Structure of BMP’s:

The BMP’S are 30- to 38 kDa homodimers , glycosylated proteins. As individual BMP proteins are synthesized by a cell, they dimerise and become glycosylated. They are synthesized as prepropeptides of approximately 400–525 amino acids. The mature C-terminal region of 100–140 amino acid residues is released from a propeptide region by cleavage at an Arg-X-X-Arg sequence. Cleavage event occurs upon secretion that results in the formation of mature active protein, a dimer of carboxy-terminal region of the precursor peptide. Because of the dimeric nature of the BMP’s, it is possible that both homodimeric and heterodimeric forms exist. The BMPs have been grouped into subsets based on amino acid sequence homology. The groupings are suggested to be as follows:

  1. BMP-2 and BMP-4,
  2. BMP-3 and BMP-3b,
  3. BMP-5, BMP-6, BMP-7, and BMP-8,
  4. BMP-9 and BMP-10,
  5. BMP-12, BMP-13, and BMP-14, and
  6. BMP-11 and growth/differentiation factor 8 (GDF-8).

Bone Morphogenetic Proteins (BMP’s) & their alternate names

BMP

ALTERNATIVE NAME

BMP-2

BMP-2a

BMP-3

Osteogenin

BMP-4

BMP-2b

BMP-5

-

BMP-6

Vgr- 1

BMP-7

OP-1

BMP-8

OP-2

BMP-9

GDF-2

BMP-10

-

BMP-11

-

BMP-12

GDF-11, CDMP-3

BMP-13

GDF-6, CDMP-2

BMP-14

GDF-5, CDMP-2

BMP-15

CDMP-1

OP: Osteogenic proteinGDF: Growth and differentiation factorCDMP: Cartilage derived morphogenetic proteinVgr: Vegetal related growth factor .

BMP signalling system:

BMPs signal through serine/threonine kinase receptors that are composed of type I and type II subtypes. Three type I receptors have been shown to bind BMP ligands, including type IA and IB BMP receptors [BMPR-IA (ALK-3) and BMPR-IB (ALK-6)] and type IA activin receptor (ActRIA or ALK-2).

The type I BMP receptor substrates include the Smad proteins, which play a central role in the relay of BMP signals from the receptor to target genes in the nucleus. Smad1, Smad5 and Smad8 are phosphorylated by BMP receptors in a ligand-dependent manner. After release from the receptor, Smad proteins associate with the related protein Smad4, which acts as a shared partner. This complex translocates into the nucleus and participates in gene transcription with other transcription factors.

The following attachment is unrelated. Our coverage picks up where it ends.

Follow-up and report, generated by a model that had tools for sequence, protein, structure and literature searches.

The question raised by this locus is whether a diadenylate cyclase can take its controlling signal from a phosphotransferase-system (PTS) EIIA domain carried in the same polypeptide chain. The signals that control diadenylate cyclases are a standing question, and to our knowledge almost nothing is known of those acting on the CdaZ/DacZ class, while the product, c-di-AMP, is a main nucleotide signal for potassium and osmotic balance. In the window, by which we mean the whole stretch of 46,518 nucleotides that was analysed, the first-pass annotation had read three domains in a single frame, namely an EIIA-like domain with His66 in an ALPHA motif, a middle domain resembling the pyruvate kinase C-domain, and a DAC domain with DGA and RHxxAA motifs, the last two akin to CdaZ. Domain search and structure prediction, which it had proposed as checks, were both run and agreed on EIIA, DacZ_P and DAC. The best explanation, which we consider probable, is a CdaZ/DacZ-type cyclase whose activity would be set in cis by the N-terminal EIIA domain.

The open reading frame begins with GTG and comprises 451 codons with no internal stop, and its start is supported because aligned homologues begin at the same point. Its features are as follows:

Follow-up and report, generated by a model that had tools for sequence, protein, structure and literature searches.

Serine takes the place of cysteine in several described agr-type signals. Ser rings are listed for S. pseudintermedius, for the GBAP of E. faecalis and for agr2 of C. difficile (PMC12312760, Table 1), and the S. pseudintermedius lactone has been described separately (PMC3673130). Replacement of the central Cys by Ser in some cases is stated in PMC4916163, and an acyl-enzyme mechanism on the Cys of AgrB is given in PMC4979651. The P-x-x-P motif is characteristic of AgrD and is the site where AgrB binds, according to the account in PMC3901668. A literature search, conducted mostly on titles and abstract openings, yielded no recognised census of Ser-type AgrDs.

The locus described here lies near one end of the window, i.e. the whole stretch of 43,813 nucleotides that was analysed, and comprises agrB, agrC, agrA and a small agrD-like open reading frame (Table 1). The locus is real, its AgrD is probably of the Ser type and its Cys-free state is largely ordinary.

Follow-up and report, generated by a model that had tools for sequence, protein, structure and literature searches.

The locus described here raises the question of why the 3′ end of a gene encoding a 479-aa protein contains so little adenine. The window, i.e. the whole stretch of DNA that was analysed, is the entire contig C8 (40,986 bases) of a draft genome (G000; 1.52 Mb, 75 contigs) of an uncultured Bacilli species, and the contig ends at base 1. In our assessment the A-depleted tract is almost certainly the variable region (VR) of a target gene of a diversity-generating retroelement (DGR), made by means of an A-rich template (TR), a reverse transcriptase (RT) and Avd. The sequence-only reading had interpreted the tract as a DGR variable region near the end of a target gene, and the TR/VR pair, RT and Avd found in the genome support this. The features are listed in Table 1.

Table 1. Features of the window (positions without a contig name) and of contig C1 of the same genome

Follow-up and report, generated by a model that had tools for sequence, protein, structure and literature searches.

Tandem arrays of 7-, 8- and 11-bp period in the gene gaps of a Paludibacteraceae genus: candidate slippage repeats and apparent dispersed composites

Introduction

Brief description of some well investigated BMP’s:

BMP-1 : Genes for BMP 1 are located on chromosome 8. It does not belong to the TGF-β family of proteins. It is a metalloprotease that acts on procollagen I, II and III. It is involved in cartilage development.

BMP-2 :  It is a major inducer of osteoblast differentiation. The genes are located on chromosome 20.

BMP-3 : Induces bone formation. The genes are located on chromosome 14.

BMP-4 : Regulates the formation of teeth, limbs and bone from mesoderm. It also plays a role in fracture repair. Genes are located on chromosome 14.

BMP-5 : Performs functions in cartilage development. Genes are located on chromosome 6.

BMP-6 : Plays a role in joint integrity in adults. Genes are located on chromosome 6.

BMP-7 : Plays a key role in osteoblast differentiation. It also induces the production of SMAD1. Also key in renal development and repair. Genes are located on chromosome 20. It is also known as osteogenic protein-1.

Role of BMP’s in periodontal regeneration:

BMPs have been used extensively by researchers to induce periodontal tissue regeneration in a variety of animal models 27-31 as well as in human studies 32-33 with varying degrees of success. Researchers 34 have proposed that BMPs possess a structure/activity profile with BMP-2 exhibiting mainly osteogenic properties while osteogenic protein-1 (OP-1), also known as BMP-7, was mainly cementogenic in its activities.

Recombinant human bone morphogenetic protein-2 (rhBMP-2) has been used to investigate periodontal regeneration. Researchers 32,35 successfully achieved periodontal regeneration in dogs using recombinant human bone morphogenetic protein-2 (rhBMP-2) and a synthetic carrier.